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mySQL query: try for one minute.


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Data is supposed to be instantly inserted into mySQL table from a 3rd party.
However, sometimes it takes up to a minute or so....
Is this "keep checking for up to a minute" loop okay? If not, how can I make it better?

$count = 0;
$query = $db->query("select data from mytable where sku = 'XYZ123' limit 1")->fetch_assoc();

// if no instant result, keep trying for up to one minute:
while (!$query) {
$query = $db->query("select data from mytable where sku = 'XYZ123' limit 1")->fetch_assoc();
sleep(1); // wait for one second before trying again
if($count > 60) { break; } // Give up after one minute.

if (!$query) {
echo 'Forget it, no data will be provided!'; // Give up.
} else {
echo 'Success! Data is ' . $query["data"]; // Success!

Thank you.

Edited by ChenXiu
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  • ChenXiu changed the title to mySQL query: try for one minute.
52 minutes ago, requinix said:

That is a problem. Do not ignore the problem. Find out why it is taking so long and fix it.

No, you misunderstood. The 3rd party data provider can take up to one minute depending on how many customers are simultaneously using their service.
The 3rd party provider produces results in about 1/4 second if 10 people are using their service. If 200 people are using their service, you're in a queue.
When they provide the data is when they provide the data.

Is my mySQL code okay?

Edited by ChenXiu
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  • Solution

Looks OK. I'd use a "do" loop i this case and count the records found.

    $start = time();
    $query = $db->prepare("select count(*) from mytable where sku = ?");
    do {
        $recs = $query->fetchColumn();
    } while ($recs == 0 && time() < $start + 60);

    echo $recs == 0 ? "Try again later" : "$recs found";


Edited by Barand
  • Thanks 1
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1 hour ago, Barand said:

I'd use a "do" loop

Thank you! I've never used a "do" loop before; this will be my first one.
Tomorrow morning I'm setting aside time to learn about them, pros and cons, and when to use.
It looks elegant!

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Oooooh! That is fantastic! Like I've said lots before, I wish I had learned PHP from the ground up. This sounds like something every brand new PHP person already knows. So, yes, a "do loop" is exactly what I want.

Tangentially, when I was "borrowing code" from an example I read somewhere for something else, they had a "try/catch" thing going on. I immediately got rid of the "try" and "catch" thinking "I don't need those stupid things whatever they are..."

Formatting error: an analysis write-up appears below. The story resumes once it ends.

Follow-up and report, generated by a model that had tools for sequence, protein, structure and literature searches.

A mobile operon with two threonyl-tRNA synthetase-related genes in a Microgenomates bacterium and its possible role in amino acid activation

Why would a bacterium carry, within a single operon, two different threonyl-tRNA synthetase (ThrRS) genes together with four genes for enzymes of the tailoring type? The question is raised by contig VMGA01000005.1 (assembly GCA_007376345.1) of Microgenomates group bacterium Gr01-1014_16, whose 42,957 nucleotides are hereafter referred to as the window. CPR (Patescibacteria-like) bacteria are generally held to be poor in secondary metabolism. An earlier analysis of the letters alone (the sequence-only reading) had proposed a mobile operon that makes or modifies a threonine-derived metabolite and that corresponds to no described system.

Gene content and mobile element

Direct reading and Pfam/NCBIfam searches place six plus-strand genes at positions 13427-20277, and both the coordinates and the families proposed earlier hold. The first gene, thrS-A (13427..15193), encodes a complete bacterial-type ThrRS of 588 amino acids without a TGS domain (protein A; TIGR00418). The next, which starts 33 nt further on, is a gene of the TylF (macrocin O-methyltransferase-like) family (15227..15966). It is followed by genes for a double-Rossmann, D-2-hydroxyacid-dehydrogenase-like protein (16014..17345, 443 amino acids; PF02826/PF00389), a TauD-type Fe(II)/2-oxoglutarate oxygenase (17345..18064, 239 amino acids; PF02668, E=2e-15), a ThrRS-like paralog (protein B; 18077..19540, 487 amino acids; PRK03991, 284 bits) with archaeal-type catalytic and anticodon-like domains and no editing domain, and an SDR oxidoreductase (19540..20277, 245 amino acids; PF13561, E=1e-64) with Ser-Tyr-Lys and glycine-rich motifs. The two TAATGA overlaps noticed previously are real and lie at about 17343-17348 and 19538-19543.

So, after I get comfortable using "do loops" I should brush up on what try/catch means and does 😃
As well as what 'break' 'continue' and 'next' actually mean (in my code above, using "break" was just a lucky guess 😊 )

p.s. I should have mentioned before... your use of time() in the code is fantastic -- that never would have occured to me. I thought a $counter + sleep() was the only way to do this sort of thing. Right now I can already think of a dozen places where I can use time() in a loop.

Edited by ChenXiu
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6 hours ago, ChenXiu said:

I should brush up on what try/catch means and does

Typically I only use try/catch when using database functions (as they throw execeptions and not just set error codes). I turn on exceptions when I make the db connection. Having done that, I mostly leave the automatic reporting of the exceptions to PHP so no further checking required - if there's an error it gets reported. This done by

$db->setAttribute(PDO::ATTR_ERRMODE, PDO::ERRMODE_EXCEPTION);           // PDO

mysqli_report(MYSQLI_REPORT_ERROR|MYSQLI_REPORT_STRICT);                  // MYSQLI

Two situations where I resort to try/catch are

  • transactions
  • duplcate keys


Say I were to write an order record then several order item records to another table. I need to be sure that all were successfully completed. If the last order item fails, I want to undo all of the inserts

try {
    begin transaction
    write order record
    while there are order items
        write order item record
    end while
    commit                             // all ok so save the data
catch (exception) {
    rollback                           // oops! undo all transaction inserts
    throw exception                    // rethrow the exception so PHP reports an error occured


I don't want two users to have the same username so I attempt the insert anyway and only worry about it if it turned out to be a duplcate (requires username column to be defined as unique)

try {
   insert user record
catch (exception) {
   if exception error is duplicate key
      inform user
      throw exception                           // nothing I can do so php reports error
   end if


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